CW: eating disorders
I have always felt an overwhelming need to prove myself due to my gender. When I moved to a selective, all-girls school, I became truly aware of what being a young woman meant: academically, professionally and personally. This need to prove myself was only exacerbated when I found myself surrounded by young women from all over my city, from different nationalities and financial backgrounds, who held different values, all with one thing in common – the expectation that they would excel academically.
Several times a year we would be told during assemblies about the ongoing assault that occurred on trams to and from school; men groping young women while they were in their school uniforms. Assemblies were dedicated to reminding us that we would be penalised if we didn’t wear our uniforms modestly, others instilling the ruthless pursuit of the highest possible ATAR in each and every student.
I had never overtly thought about what being a young woman meant for my sexuality. When I allowed myself to be aware that I had a sexuality – and somehow this was linked to cat calls, uniforms and heightened awareness on trams – I became aware that part of my sexuality was wanting to be with other women. This moment marked the beginning of my hunger.
Hunger is something I think about every day, whether it is of my years of self-starvation, or of needing to pursue a better, cleaner version of myself. These two things have been so intertwined at different times of my life that they have sometimes been the same thing to me. The diet that started my path to anorexia was something I pursued to replace what I felt were failed pursuits in other parts of my life: primarily, having sexuality. I saw this as so complicated and unclean because I wasn’t straight. Another was not being able to achieve the academic level that I felt everyone else around me could. Every day during my illness, I wrote about what I had achieved – how little I had eaten, how much I had exercised, how many kilograms I had lost. I wrote to myself; I am not smart, I am not pretty, I am not funny or kind or interesting – but I am so, so good at losing weight. In those letters I chastised my classmates for eating so much, for their lack of self-discipline – I took pleasure in how much I excelled in the pursuit of disappearing.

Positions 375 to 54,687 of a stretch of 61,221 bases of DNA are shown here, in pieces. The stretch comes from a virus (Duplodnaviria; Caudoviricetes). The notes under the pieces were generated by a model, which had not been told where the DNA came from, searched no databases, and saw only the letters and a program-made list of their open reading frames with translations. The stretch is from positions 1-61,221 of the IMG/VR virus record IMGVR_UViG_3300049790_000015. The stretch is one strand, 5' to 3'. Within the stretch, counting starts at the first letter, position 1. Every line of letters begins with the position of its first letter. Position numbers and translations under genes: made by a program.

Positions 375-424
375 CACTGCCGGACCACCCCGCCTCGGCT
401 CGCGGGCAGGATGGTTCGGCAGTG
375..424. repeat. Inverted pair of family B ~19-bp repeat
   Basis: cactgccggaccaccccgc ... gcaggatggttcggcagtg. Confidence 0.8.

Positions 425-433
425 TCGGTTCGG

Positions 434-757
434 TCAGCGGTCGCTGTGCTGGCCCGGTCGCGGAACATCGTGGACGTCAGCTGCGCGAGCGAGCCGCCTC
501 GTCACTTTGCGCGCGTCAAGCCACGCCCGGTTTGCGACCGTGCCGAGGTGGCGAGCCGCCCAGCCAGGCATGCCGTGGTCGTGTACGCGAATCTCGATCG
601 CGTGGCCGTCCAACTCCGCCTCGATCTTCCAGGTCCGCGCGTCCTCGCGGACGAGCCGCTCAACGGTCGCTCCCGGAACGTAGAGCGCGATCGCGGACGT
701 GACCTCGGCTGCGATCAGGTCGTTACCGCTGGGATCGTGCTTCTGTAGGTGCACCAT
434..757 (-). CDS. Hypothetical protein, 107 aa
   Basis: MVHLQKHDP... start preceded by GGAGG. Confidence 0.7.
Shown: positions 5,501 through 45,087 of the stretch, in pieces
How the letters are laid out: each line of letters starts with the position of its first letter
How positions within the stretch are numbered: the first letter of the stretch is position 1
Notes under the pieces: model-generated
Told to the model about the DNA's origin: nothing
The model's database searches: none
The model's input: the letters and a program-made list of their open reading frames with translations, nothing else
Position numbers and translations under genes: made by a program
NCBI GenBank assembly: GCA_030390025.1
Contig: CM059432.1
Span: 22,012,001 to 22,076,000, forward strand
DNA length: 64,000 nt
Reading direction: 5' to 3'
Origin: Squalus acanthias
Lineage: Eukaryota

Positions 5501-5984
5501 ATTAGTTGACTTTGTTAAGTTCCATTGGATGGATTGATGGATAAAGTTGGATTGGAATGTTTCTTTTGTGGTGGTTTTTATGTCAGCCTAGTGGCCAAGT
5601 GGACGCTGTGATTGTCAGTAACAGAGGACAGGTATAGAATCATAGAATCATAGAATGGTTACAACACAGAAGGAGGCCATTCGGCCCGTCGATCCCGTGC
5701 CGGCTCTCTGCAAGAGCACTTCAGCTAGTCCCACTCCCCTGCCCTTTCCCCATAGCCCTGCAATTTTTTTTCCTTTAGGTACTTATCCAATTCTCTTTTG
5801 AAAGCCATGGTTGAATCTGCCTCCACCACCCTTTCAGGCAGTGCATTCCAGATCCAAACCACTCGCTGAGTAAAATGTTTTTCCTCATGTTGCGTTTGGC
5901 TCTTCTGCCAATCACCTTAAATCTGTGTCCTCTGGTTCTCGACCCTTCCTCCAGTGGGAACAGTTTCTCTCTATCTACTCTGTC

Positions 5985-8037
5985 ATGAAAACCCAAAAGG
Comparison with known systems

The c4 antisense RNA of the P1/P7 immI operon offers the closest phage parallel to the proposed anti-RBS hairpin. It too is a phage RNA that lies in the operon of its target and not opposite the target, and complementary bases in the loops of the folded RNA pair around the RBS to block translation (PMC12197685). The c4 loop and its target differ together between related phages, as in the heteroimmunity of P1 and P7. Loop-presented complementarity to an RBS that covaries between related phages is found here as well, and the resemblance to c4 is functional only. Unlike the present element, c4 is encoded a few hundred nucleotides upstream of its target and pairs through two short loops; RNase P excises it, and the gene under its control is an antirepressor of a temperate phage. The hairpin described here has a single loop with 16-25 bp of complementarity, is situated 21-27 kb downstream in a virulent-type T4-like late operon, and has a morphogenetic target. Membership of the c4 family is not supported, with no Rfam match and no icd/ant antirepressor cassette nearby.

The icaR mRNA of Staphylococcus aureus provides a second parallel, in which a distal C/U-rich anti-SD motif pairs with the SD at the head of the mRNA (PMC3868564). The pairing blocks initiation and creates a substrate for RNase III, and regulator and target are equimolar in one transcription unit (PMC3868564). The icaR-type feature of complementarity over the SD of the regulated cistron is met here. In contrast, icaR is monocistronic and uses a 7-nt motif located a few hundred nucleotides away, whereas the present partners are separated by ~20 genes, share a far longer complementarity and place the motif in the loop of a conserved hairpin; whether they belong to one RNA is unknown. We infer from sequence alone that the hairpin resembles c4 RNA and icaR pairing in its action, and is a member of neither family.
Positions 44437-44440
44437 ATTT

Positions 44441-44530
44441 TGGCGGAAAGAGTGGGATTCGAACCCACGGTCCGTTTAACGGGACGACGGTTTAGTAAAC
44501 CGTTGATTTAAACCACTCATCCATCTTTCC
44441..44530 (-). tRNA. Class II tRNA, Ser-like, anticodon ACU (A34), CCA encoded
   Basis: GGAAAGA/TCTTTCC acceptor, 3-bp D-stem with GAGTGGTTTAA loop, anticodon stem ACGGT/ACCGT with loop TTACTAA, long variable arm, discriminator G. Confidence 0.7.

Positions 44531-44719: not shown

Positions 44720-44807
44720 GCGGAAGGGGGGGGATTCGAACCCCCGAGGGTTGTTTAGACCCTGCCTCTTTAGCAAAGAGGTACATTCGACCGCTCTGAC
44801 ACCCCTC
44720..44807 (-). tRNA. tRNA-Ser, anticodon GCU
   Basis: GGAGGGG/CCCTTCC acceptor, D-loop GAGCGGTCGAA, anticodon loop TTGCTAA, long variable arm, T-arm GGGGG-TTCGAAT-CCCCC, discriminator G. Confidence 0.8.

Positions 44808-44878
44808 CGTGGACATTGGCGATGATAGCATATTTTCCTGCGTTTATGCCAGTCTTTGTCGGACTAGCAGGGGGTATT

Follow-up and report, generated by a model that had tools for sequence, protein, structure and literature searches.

Anorexia nervosa was the one thing I thought I was good at. Ironically, the illness that I thought set me apart from the 900 other young women at my school wasn’t just mine – I was just so consumed by my own hunger that I didn’t notice the rampant hunger around me. Eating disorders plagued countless other students at the time, and they plague 15 per cent of women at some point during their lifetimes.
Living with an eating disorder, although you can’t stop eating completely, you can control every aspect of the food you do eat. Meals mark the cycle of our day. They can represent people’s relationships with their family, culture and religion. For me, meals represented my family and the cycle of my school day. It was so easy to ignore the failure I felt at school, the secret of my sexuality and my inability to cure my mother’s cancer, when I was occupied with how I had planned my meals and executed the consumption of them – always methodically, controlled and contained.
As a woman, you cannot contain or control your own sexuality because everyone else is allowed to have a say in how you present it. Kissing another woman in public is an act that others feel the right to comment on, as they do when it comes to what a woman wears and how many people she sleeps with. In the same way, your achievements – whether they are a promotion at work or being the mother of a child – are critiqued and judged by anyone privy to them, on the basis of your gender. Your life is shaped around avoiding harassment, sexual, verbal or physical, and this inevitably means that you become a smaller version of yourself.
By beginning to control your food and body in the rigorous pattern of an eating disorder, you do not worry about how your sexuality appears to others because the eating disorder has taken it from you. The deeper your hunger and the thinner you become, the less your body has the energy for desire. You lose your period, hair and curves, gaining a layer of baby hair all over your skin. You are no longer an object of desire – you are not a woman anymore. You are childlike, one dimensional, unable to want sex or even care about it. Your achievements are limited to the number on the scales in the morning, and every night you dream about the one thing you care about: food. You are a smaller version of yourself, but this process comes from within you, rather than from society. Sometimes I find myself missing how easy having an eating disorder was – my illness destroyed opportunities, relationships and took years of authentic living from me, but with it, I could ignore the complicated reality of being a queer woman.
Controlling food is a method of escape. Eating disorders are present in men and women, but overwhelmingly more so in women. Some people argue that it’s due to the media’s dialogue on women’s bodies, a product of perfectionism or a narcissist trait. I believe that it is an act of misguided rebellion against a society that seeks to control women’s sexuality.